c) “I'd never heard the song before. Everything I want to use, I just use. Either I try to get it cleared or get sued later. Rock artists should have no beef if we sample them, 'cause they stole all our fathers' shit.” - Curmudgeonly forefather KRS-One, regarding the use of “Smoke on the Water” in “Ya Slippin.” He catches a lot of heat for being an old grouch, but he happens to be right about things 90% of the time, especially when wielding an unstoppable emotion-based argument like this one. I also happen to love grouches so I'll always be his cheerleader.
Boots, jeans, cropped shirt. My aesthetic is “songstress who's the next big thing in country music,” or maybe “an extra in The Devil’s Rejects” or if I were more annoying and covered in polo field grime, “Coachella escapee.” Put me in whichever category you like, just don't forget to have “Rumble” playing when I put on this getup and walk down the street. It's perfect.
The white-balance problem, I know. My hair looks red and it's not in real life; my jeans look Matisse blue here, but really they're not. Not sure what I did wrong. I had my camera settings on SATURATE!! for some reason…although secretly I believe that because I am so full of life force and spirit that photos of me automatically come out extra-vivid. I can explain the shirt too - it's got a generic picture of a headdress because I enjoy cultural appropriation. It’s also a tribute to the cranial adornments of the prophet RAMMELZZEE, who, I don’t know if you heard or not, is currently directing his spaceship toward apt. 680's launching pad, coming for me in what will surely be my own personal Rapture. See you chumps later. Enjoy Earth.
Gulf-area parade headdress wearer in that new Bonnie Prince video (“There is No God”),
which contains funny anatomy words! Just watch it; trust me.
which contains funny anatomy words! Just watch it; trust me.
Life lessons, important messages contained:
- You got your “I love you; do you love me” fare, standard; song titles include “Drowning In The Sea Of Love,” “Let's Stay Together,” “Don't Knock My Love.” Then there are the titles that sound delicious - “Chunky,” “Mystic Brew,” and, um, “Kentucky Fried Chicken”? These titles are all ironic and that's disappointing. There's no guts in Two Headed Freap, no spice, no taste, really. I'm glad I own it now because of the Tribe connection of course, but I need meat and this thing's mostly gristle. Actual KFC, on the other hand, is like heaven. I know they're mean to the chickens; I was a vegetarian for 8 or 9 years so I paid some dues. Now please leave me alone with my bucket. KFC is like heaven in my mouth....crispy, fatty heavennnnnnllllllhhhhmmmmnom nomnomnom.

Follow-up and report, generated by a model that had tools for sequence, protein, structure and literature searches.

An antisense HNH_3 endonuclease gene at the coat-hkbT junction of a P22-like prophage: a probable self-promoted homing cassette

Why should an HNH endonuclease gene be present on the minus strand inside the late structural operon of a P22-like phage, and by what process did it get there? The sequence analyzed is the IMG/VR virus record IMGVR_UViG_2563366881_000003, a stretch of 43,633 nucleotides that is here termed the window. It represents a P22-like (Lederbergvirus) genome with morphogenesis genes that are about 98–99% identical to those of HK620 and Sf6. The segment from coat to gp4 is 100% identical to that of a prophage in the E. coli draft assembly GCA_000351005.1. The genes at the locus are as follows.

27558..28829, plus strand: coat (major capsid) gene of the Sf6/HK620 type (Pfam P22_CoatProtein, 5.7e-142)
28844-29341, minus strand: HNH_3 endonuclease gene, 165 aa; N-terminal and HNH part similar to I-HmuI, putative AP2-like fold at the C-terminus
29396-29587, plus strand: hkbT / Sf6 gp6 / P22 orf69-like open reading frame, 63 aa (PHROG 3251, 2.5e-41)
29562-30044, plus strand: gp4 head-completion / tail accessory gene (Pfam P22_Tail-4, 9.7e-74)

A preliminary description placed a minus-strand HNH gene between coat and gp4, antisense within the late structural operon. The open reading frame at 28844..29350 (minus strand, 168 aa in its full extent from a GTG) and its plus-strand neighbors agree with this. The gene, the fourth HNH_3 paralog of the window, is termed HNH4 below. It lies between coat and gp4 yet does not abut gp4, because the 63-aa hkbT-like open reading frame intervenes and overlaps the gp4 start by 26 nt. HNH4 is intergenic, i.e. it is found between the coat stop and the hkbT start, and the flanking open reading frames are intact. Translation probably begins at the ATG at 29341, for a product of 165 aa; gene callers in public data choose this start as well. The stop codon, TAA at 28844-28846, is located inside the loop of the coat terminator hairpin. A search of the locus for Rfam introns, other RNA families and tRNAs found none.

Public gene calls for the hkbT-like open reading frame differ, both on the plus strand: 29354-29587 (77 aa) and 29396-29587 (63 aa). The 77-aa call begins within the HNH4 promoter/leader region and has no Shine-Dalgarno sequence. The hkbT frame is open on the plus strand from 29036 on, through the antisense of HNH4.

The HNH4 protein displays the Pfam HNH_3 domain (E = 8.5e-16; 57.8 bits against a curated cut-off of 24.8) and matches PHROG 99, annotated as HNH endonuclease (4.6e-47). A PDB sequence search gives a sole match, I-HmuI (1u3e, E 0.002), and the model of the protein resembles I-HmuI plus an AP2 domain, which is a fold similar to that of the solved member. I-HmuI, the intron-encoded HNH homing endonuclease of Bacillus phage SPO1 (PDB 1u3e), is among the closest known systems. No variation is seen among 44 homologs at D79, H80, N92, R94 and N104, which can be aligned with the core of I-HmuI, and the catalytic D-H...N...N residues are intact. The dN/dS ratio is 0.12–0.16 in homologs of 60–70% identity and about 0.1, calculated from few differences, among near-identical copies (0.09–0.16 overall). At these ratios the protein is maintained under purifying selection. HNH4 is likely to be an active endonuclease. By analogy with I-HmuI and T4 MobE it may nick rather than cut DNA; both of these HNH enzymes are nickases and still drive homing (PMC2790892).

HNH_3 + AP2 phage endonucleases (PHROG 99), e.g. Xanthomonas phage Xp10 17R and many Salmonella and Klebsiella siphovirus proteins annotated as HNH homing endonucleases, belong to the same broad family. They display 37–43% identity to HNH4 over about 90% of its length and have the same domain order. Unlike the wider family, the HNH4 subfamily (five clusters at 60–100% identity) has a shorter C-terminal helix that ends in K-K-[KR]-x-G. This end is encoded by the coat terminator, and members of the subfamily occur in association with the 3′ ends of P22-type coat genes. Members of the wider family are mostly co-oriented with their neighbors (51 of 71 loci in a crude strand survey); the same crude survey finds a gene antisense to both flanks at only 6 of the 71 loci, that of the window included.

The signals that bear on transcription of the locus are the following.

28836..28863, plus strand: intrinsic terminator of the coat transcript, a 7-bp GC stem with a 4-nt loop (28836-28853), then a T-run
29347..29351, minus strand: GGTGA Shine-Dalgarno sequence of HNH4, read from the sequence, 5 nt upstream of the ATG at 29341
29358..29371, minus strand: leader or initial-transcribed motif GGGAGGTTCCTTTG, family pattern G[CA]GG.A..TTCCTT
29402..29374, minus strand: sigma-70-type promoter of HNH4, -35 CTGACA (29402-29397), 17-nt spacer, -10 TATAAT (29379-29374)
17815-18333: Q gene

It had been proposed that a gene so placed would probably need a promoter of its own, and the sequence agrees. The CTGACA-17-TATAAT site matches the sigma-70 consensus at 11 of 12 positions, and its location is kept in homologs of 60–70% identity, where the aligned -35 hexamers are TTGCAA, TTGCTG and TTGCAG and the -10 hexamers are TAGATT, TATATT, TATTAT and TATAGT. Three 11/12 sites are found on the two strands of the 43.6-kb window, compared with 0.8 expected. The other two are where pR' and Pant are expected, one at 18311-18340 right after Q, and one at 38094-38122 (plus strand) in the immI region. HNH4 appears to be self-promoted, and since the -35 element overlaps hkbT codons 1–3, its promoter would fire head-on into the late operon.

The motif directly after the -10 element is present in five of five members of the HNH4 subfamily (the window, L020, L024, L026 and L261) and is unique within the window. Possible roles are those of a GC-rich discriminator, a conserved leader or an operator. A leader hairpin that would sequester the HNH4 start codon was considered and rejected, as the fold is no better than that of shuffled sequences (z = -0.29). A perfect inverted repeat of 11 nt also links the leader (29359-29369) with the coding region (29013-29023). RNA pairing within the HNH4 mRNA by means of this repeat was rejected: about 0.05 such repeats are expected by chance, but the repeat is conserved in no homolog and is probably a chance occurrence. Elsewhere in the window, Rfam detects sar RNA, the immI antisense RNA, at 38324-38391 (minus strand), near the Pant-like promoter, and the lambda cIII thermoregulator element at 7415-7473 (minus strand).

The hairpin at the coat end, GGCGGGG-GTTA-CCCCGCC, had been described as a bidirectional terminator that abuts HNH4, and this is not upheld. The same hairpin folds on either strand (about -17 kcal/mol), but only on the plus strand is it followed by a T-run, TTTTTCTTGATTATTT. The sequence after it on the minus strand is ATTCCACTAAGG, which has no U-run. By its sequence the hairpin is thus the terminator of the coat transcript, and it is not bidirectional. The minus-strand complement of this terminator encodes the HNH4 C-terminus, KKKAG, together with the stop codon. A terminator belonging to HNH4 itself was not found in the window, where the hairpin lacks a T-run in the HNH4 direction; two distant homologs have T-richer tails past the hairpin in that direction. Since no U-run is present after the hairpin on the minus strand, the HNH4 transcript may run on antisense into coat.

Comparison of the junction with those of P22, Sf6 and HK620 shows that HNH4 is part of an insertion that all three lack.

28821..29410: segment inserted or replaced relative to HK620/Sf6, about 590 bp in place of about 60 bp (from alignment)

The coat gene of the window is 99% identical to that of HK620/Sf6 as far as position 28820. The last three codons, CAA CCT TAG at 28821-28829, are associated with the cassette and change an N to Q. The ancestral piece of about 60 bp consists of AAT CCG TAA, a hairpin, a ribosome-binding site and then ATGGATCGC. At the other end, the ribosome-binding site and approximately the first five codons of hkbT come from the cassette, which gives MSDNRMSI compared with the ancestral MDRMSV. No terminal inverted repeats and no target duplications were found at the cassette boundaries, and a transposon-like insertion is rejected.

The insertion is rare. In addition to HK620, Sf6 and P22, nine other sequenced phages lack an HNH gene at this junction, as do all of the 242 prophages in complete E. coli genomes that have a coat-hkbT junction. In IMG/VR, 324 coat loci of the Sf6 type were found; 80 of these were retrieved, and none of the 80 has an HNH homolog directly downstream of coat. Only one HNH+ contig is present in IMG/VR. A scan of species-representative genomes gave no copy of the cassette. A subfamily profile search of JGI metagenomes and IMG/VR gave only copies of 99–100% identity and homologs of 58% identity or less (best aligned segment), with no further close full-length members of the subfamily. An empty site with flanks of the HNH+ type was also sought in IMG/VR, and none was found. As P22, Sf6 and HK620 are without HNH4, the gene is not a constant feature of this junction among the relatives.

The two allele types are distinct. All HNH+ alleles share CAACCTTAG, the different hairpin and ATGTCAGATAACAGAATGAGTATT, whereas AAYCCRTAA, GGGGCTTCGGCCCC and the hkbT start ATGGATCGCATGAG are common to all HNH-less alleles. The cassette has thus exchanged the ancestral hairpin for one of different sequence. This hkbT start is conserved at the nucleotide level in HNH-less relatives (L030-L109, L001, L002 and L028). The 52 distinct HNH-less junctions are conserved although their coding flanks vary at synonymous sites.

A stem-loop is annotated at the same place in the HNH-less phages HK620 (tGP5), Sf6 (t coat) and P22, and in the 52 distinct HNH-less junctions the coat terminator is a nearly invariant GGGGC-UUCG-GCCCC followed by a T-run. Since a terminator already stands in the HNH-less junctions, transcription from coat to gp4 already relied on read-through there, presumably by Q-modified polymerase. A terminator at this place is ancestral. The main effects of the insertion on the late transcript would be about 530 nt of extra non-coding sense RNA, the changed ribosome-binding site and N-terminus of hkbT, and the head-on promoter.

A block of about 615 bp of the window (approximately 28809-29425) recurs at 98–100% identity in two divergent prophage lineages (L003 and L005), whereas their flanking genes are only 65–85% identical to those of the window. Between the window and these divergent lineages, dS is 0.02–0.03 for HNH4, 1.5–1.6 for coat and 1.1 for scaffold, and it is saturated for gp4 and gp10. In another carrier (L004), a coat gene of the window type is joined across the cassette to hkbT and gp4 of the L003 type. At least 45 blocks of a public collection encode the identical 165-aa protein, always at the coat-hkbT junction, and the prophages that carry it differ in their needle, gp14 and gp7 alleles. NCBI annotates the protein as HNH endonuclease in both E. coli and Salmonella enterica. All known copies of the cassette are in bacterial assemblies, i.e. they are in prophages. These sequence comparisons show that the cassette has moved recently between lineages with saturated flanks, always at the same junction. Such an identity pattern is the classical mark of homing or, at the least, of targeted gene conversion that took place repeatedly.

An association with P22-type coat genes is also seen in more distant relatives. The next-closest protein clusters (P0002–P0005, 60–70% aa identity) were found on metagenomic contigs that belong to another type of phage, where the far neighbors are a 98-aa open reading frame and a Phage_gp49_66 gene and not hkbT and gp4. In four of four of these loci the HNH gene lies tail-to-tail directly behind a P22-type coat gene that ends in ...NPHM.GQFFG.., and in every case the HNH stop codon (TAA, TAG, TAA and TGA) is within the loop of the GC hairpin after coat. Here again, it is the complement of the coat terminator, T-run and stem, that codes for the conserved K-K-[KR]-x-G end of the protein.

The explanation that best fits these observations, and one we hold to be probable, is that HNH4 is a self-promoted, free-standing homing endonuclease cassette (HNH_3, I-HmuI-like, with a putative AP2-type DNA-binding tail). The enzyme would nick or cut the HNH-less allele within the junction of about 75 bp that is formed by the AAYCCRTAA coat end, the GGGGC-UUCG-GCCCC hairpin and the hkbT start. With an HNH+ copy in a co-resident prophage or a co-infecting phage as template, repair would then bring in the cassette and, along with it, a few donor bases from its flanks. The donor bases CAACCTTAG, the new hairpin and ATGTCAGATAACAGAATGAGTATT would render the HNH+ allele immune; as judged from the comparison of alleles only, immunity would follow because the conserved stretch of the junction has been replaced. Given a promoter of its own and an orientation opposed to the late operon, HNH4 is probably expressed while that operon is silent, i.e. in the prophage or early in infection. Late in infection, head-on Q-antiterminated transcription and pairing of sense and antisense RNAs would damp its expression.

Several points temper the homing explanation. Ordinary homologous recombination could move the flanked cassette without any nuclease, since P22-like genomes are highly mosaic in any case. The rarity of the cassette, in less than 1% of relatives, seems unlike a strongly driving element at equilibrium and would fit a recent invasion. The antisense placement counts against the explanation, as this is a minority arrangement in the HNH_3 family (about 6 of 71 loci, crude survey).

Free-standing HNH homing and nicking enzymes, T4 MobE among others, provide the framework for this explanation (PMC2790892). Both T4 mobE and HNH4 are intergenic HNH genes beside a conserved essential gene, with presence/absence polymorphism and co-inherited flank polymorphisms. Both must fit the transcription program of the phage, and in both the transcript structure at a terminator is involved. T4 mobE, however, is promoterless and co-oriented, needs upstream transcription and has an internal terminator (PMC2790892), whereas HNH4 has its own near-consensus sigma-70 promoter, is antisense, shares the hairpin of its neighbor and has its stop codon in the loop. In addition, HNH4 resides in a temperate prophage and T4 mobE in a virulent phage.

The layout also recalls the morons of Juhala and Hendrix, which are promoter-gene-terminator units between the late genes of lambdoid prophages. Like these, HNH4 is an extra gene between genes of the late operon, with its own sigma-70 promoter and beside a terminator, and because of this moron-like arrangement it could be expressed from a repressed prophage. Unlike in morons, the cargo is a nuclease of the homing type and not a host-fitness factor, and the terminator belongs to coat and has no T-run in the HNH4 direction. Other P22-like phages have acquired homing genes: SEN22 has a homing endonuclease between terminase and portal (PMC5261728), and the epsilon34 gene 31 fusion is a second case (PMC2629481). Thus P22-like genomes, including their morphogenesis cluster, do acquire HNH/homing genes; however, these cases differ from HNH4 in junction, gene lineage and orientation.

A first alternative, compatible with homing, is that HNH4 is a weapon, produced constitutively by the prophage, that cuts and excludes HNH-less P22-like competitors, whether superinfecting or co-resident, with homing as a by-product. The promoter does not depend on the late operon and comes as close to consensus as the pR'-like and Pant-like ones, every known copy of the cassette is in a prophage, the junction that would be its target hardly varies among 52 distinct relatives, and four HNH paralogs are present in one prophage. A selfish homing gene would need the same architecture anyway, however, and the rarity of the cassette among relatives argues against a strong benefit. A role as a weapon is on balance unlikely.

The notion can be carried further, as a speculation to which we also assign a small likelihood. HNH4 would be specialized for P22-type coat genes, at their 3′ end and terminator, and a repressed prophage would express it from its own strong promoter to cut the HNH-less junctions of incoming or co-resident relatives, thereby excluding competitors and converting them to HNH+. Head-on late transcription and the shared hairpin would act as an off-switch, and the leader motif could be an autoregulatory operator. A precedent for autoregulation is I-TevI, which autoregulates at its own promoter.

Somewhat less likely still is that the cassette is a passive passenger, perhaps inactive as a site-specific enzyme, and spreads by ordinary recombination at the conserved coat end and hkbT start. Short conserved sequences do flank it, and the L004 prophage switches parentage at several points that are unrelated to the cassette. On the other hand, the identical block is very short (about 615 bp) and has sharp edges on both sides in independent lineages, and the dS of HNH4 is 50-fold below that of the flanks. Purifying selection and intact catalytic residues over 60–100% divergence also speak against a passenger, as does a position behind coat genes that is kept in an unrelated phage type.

- If you are going to plead with someone Don't Knock My Love, your name should be Wilson Pickett. If you are going to Drown in the Sea of Love, it should probably be Joe Simon's sea, because Premo will take his skiff out into those waters and scoop some into his bucket and bring it back to D&D to flip it and bounce it into some steezy goodness. You'll realize that the wackness is, in fact, spreadin like the plague (Rawss, Wiz, everyone in YMCMB not named Wayne or Baby or Nicki) and tonight you'll write in your diary Guru is the only one who understands meeeee.
Suitable activities while listening:
There's a lot of Rawss in this post for whatever reason. So I'm taking all the images of that awful Hangover movie and imagining a Zach-Rawss hybrid. That could be funny, right? Somebody do that, please. After all, Rawss is an actor just like Zach! Tryin to be fly, ridin high on the jet-set/With juvenile rhymes makin fake-ass death threats.
Other notable things about today:
- I walk around the club, fuck everybody/And all my n---s got that Heat; I feel like Pat Riley. Another day, another Little Wheezy big fat hit song. They play him so much on Power 106 I think he's dead 2 or 3 times a week. An MC should write a bar or two about that to illustrate his ubiquity. Hear me so much on the radio you'd think I died.